Event Report  Global Economy

CIGS Workshop "Financial System and Fund Allocation: Historical Experience and Present Issues" (Mr. Tetsuji Okazaki and Mr. Daisuke Miyakawa)

November 30, 2015, 14:00 - 16:00
Venue: CIGS Meeting Room3

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(Mr. Okazaki, Mr. Miyakawa from the left)

Presenter: Tetsuji Okazaki, Research Director, CIGS / Professor, Graduate School of Economics, The University of Tokyo

Title: "Bank Behavior in Regional Finance and the Development of Regional Industries: The Case of Prewar Fukushima, Japan"

Presentation slides (Japanese):
Presentation slides (Japanese)PDF:1097KB

Presentation outline:
Because of the unstable financial market after World War I, the Japanese financial system experienced a wave of bank mergers, which resulted in an increase in bank scale and the development of branch banking. In this paper, we explored the implications of the expansion of branch banking, using bank-office-level data for Fukushima Prefecture. We found that branch offices that belonged to banks headquartered in other cities, counties, or prefectures tended to have a lower propensity to loan compared with the offices of banks headquartered in the same cities and counties as the offices. We also find that concentration of deposits on bank offices headquartered in other cities, counties, or prefectures had a substantial negative impact on the development of the weaving industry. The structural change in the banking industry after World War I altered the spatial allocation of funds and thereby affected the development of regional industries.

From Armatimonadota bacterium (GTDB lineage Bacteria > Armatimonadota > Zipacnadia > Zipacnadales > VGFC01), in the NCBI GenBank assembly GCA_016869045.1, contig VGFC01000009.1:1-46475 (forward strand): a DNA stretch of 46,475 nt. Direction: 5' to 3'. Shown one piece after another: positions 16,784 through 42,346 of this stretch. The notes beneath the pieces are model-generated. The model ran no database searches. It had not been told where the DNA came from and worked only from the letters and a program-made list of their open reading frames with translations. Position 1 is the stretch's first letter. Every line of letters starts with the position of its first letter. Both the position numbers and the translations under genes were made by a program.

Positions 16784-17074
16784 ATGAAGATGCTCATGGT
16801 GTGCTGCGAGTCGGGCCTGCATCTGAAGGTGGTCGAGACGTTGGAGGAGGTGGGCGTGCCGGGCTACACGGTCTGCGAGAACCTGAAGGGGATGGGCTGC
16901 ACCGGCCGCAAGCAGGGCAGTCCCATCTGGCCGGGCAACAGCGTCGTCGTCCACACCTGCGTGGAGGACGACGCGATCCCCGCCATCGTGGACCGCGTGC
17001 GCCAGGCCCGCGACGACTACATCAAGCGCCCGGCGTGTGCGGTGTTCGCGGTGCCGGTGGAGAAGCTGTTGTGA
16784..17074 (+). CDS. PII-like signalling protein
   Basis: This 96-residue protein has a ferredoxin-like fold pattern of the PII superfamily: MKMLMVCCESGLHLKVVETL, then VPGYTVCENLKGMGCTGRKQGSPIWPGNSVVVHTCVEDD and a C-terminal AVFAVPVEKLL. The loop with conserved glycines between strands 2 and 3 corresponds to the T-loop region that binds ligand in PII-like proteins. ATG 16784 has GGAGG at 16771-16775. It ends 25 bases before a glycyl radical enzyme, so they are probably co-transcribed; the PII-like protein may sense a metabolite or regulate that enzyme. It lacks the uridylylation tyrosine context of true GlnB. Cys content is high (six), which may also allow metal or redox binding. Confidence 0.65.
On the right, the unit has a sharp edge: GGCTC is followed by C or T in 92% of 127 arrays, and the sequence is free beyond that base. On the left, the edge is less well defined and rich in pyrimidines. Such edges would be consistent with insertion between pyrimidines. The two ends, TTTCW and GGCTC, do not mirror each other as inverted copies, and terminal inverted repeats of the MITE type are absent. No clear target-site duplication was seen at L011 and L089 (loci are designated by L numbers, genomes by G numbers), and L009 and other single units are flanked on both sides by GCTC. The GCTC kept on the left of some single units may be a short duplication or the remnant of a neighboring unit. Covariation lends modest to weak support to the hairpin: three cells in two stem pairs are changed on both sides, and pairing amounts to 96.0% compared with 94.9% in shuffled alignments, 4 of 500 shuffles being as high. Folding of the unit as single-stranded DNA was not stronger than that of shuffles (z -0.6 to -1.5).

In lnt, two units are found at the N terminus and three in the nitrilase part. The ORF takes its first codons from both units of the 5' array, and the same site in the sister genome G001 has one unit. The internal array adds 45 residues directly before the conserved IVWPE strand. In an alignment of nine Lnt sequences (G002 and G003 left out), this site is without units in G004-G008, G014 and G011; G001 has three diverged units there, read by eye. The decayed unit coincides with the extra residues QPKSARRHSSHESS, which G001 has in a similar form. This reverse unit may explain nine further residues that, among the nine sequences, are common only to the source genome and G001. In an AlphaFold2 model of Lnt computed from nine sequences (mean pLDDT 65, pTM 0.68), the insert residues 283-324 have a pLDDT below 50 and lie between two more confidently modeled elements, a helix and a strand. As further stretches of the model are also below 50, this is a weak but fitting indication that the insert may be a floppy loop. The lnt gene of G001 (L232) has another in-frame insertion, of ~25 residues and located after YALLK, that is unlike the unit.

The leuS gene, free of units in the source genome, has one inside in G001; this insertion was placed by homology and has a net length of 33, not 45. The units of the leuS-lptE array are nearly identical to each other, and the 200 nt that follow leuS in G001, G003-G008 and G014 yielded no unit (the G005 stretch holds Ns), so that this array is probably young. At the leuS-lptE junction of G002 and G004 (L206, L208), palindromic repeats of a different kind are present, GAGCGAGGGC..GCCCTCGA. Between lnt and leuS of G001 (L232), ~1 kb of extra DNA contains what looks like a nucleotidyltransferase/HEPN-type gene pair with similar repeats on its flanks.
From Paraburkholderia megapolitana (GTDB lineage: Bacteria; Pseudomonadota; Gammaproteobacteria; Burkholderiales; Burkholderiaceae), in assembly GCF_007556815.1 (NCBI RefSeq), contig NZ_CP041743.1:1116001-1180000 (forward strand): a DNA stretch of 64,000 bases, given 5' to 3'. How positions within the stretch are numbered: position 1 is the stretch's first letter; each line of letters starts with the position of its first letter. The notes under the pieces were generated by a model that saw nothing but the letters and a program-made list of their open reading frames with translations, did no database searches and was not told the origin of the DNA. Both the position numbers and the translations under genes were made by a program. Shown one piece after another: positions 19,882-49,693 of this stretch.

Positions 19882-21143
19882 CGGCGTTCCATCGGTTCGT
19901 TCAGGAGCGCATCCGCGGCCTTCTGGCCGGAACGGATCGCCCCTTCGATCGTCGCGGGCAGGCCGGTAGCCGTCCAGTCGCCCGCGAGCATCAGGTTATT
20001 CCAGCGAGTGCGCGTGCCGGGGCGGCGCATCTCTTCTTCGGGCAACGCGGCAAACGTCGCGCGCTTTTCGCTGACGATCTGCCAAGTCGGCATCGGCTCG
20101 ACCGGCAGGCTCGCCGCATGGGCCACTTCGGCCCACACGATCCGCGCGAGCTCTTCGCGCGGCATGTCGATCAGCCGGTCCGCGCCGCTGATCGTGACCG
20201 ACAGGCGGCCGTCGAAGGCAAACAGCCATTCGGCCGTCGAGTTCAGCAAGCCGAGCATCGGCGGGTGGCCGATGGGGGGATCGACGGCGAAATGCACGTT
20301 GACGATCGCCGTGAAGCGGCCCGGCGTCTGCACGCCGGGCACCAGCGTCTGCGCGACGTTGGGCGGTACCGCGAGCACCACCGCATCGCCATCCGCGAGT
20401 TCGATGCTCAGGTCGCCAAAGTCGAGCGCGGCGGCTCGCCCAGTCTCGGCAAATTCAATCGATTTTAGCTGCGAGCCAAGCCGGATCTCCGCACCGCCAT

Presenter: Daisuke Miyakawa, Associate Professor, The Graduate School of International Corporate Strategy, Hitotsubashi University

Title: "Capital Supply Channel through Venture Capitals: Evidence from Matched Data"

Presentation slides:
Presentation slidesPDF:664KB

Presentation outline:
This paper examines the impact of venture capital firms' (VCs) characteristics on VCs' capital (i.e., fund) supply and how such an impact is interacted with the dynamics of public equity markets. To this end, we use a unique dataset consisting of around 6,000 pairs of venture companies and VCs match-level dataset in Japan, which covers around 2,600 unlisted companies and 600 VCs. This panel dataset allows us to control for companies' time-varying unobservable capital demand, so that we can identify the effects of VCs' characteristics on their capital supply and how such effects vary as public equity markets fluctuate. The estimation results indicate that VCs with larger past investment experiences tend to supply more capital to their portfolio companies. Furthermore, such an impact of VCs' experience on the capital supply became larger when public equity market was in its downturn. We also confirm that omitting fund demand leads to substantial overestimation of these impacts.

CIGS Workshop is a presentation of the progress for the study which CIGS researchers are doing. They take comments from other researchers, advisors, and outside commentators, and they make use of them for their future study.